We knew our neighbors and our parents socialized with each other. They talked cotton. There were a few children around my age that I played and went to church with and later went to boarding school with. It was more than a road or a zip code. It was a way of life. We were all farming families.
We knew the long genealogies of the families in each house. One generation after another passed the family home and farm down to the next generation. The eight families along this stretch of Highway 61 were: the Wilsons, Dentons, the Crains, the Lowrances, the Ellis’, the Ohlendorfs, the Kincaids, and the Baltons.
Sitting amidst the fertile fields were the homes of many African-American families living a different life, economically. Even in this, there existed a community. It was more than a road or a zip code, it was a way of life. We were all farming families.
The Ellis’ had two daughters close to my age; Libby was exactly my age. She was my first friend and her mother was our Sunday school teacher. We would pass notes and draw pictures in church. We went to parties in high school.
Behind the larger homes, the children all played together, African-American and Caucasian as one. We played “Queen on the Mountain” on the large, silver, park-sized slide in the back yard of my grandparents.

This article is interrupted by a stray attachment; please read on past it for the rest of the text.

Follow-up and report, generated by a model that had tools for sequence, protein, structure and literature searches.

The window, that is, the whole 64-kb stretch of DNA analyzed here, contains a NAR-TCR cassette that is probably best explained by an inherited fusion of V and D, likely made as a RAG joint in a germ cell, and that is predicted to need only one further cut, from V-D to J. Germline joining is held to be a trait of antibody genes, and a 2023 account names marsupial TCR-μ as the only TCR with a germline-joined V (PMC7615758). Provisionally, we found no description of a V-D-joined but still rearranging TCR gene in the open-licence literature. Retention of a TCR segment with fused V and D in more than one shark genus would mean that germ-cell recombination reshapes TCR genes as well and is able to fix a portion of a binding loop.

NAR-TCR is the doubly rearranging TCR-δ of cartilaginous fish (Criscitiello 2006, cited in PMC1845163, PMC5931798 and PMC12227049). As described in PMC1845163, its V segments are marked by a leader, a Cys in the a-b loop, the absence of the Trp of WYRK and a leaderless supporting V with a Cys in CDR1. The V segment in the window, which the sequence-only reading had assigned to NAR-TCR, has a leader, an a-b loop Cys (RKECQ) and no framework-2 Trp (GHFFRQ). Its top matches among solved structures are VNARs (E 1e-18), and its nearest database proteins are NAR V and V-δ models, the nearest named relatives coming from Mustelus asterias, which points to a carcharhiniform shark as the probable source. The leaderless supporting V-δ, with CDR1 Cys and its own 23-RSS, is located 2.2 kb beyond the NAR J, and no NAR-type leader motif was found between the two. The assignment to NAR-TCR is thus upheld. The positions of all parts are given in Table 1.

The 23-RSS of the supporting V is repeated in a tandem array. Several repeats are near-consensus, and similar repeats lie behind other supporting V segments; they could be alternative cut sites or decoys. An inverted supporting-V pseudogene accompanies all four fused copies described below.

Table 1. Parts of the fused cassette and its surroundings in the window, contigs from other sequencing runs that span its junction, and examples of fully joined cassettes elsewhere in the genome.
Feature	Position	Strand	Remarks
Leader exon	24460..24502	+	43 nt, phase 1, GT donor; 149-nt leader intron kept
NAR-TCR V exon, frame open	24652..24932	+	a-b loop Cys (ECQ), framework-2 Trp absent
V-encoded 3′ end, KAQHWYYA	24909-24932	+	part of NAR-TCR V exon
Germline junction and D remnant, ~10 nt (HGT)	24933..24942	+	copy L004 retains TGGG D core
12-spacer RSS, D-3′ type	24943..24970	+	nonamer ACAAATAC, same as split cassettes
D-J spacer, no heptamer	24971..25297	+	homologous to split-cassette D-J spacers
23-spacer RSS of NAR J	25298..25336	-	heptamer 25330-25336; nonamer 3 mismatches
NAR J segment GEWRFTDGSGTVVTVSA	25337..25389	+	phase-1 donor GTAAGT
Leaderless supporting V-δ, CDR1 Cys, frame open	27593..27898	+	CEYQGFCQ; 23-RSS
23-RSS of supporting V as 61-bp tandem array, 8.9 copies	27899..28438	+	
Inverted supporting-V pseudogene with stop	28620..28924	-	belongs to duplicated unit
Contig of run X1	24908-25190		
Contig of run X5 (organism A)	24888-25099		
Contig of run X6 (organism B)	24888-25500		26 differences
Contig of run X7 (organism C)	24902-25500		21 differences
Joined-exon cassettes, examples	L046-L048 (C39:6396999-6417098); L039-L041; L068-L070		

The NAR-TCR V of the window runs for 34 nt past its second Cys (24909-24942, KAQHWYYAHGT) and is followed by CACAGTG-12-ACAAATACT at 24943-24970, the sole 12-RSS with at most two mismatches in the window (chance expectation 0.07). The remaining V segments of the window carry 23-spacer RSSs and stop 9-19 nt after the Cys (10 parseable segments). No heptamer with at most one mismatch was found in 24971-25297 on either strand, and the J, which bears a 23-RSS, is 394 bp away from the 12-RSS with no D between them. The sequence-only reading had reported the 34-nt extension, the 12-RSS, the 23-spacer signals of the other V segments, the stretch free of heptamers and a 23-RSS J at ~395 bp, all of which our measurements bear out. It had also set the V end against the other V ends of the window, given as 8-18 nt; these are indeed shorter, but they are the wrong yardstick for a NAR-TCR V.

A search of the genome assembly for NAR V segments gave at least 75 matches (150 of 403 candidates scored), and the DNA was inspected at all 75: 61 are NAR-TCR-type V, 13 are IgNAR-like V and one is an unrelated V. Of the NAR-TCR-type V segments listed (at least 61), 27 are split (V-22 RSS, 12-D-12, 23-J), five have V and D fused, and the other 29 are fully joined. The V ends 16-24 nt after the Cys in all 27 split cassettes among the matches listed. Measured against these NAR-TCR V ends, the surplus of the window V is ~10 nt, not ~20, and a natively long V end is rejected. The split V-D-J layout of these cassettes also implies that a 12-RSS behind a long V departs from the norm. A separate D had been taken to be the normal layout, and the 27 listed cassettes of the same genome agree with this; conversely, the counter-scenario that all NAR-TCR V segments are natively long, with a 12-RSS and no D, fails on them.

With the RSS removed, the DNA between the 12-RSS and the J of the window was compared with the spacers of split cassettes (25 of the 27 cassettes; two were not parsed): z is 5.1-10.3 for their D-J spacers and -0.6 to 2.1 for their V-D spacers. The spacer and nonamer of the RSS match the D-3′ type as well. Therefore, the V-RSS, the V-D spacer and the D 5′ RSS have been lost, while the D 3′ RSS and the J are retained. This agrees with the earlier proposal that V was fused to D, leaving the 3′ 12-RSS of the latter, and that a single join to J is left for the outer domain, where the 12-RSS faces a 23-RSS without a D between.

Grandmother Ohlendorf would take me over to the Crains, and the Dentons to go swimming. The Dentons’ swimming pool was surrounded by big, green, hedges and extensive lawns. It was right out of a movie! It was beautiful.
When my Grandparents threw parties, James, my Granddaddy’s right hand man, and Jack from the bank (security and parking), would bartend, dressed in white suits. The kids would sneak through the talking adults and ask for Shirley Temples and Roy Rodgers. The guests were dressed to the tea. You would never know we were in the middle of nowhere. We were somewhere, we were living on Highway 61!
Poolside and Oceanside
In “Poolside” I focus my lens on the iconic poolside culture.
The camera takes me to places of fantasy both in the past and the present. This allows me to create photographs that are stories of fiction based on family, memories, and lifestyle. “Poolside” invites viewers to dive in and explore their own fantasy projection of what it means to hang poolside, California style.
Piñatas in 90272
I delight in piñatas, parties, and anything festive. I chose to place piñatas in various fun-filled, everyday experiences in the Zip(Code) 90272, the Palisades, where I live. I love going about my day in Pacific Palisades, making it special. What is better than having a princess, party girl thrown in to the mix!
My obsession with Los Angeles bathrooms was spurred on by an initial photo of Chloe in a beautiful bathroom, with a toilet plunger left in the middle of the floor, in a Malibu home, Villa Di Pazzi. It made me look at bathrooms in a different way. I became interested in all bathrooms from elegant to grungy.